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|Title:||Lethal head entrapment - A problem characteristic of early childhood|
|Citation:||Journal of Forensic and Legal Medicine, 2009; 16(6):340-342|
|Roger W. Byard and Cheryl Charlwood|
|Abstract:||Accidental deaths in infancy and early childhood often result from young childrens’ lack of understanding of the dangers of certain situations and their physical inability to extricate themselves from potentially lethal circumstances. Two cases are reported to demonstrate an age-related susceptibility in the young to lethal head entrapment. Case 1: a 5-month-old girl smothered when she slipped down in her stroller, trapping her head beneath the frame and forcing her face into the soft material of the base. Case 2: a 14-month-old boy was hanged while exploring a filing cabinet when his head became caught between two lower drawers. Additional mental and physical characteristics that predispose young children and infants to lethal head entrapment include an inability to effectively problem solve once confronted with a hazardous situation, and relatively large heads and weak neck musculature. Because of these features lethal head entrapment represents a particular circumstance that may predispose to accidental asphyxial deaths in the very young. A combination of careful death scene and autopsy evaluations will be required to confirm the alleged circumstances of death in these cases, including mortuary re-enactments and assessment of the deceased infant’s level of physical maturity and mobility.|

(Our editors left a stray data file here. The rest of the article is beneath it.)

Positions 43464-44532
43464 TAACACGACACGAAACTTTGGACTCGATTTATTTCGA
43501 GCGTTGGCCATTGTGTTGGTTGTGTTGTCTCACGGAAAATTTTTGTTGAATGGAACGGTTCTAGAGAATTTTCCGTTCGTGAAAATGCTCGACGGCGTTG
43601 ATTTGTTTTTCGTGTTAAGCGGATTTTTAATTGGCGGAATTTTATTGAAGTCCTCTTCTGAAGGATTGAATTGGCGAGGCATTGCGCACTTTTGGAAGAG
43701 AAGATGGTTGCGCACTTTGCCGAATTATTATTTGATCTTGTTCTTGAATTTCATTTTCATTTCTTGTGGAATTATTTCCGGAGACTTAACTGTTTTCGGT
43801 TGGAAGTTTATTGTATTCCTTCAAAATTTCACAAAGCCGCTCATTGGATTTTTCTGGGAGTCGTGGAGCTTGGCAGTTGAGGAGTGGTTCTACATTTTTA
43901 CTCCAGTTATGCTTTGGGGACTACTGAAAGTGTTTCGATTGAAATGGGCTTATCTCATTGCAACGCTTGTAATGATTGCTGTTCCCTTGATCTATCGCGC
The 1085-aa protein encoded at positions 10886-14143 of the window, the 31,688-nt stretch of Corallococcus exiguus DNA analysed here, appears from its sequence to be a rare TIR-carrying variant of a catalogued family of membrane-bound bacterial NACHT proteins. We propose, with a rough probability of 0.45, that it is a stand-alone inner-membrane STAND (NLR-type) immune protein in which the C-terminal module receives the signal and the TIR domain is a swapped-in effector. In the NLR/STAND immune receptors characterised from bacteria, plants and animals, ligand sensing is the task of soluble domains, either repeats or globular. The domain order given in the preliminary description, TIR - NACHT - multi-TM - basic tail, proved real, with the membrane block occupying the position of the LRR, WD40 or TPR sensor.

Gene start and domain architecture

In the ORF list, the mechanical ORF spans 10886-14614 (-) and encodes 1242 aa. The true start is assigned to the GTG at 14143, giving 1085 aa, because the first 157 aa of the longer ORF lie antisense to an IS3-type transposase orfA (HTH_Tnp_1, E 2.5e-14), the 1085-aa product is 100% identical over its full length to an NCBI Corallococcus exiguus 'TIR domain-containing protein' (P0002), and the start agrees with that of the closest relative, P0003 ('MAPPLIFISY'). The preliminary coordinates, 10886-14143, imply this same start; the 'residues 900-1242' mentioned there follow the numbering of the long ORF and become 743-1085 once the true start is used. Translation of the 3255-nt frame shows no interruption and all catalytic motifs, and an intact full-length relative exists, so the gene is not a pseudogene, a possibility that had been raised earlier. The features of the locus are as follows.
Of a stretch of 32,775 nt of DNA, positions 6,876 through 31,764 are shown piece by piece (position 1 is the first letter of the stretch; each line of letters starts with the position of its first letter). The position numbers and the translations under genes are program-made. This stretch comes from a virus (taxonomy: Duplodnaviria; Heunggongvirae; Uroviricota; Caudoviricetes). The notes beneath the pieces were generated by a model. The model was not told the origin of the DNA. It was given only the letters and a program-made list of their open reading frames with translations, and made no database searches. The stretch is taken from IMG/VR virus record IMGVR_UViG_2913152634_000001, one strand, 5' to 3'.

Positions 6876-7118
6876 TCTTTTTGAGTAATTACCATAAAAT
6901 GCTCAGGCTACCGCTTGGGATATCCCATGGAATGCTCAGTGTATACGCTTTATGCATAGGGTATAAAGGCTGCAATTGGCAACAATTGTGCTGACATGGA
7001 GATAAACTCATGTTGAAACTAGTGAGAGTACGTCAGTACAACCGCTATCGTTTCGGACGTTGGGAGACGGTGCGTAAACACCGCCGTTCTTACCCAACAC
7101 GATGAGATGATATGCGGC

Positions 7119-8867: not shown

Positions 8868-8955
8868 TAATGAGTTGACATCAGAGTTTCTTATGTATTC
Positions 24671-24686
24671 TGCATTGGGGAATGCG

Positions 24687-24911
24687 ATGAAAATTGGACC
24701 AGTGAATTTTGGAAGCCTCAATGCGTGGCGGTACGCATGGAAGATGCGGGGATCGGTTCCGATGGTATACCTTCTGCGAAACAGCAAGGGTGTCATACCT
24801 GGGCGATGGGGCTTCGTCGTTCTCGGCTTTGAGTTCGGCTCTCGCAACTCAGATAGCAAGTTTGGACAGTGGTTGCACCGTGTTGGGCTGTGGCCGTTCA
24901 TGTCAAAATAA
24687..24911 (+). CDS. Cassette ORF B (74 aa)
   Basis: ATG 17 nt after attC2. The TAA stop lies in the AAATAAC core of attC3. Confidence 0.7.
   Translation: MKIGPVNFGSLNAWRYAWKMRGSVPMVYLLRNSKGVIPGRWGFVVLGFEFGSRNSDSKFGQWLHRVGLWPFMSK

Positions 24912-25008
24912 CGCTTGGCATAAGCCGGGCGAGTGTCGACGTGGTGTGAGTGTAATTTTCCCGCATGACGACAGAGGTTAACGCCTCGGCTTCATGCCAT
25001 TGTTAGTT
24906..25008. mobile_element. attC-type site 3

|Keywords:||Infant death; Childhood asphyxiation; Head entrapment; Accident; Inflicted injury|
|Appears in Collections:||Pathology publications|
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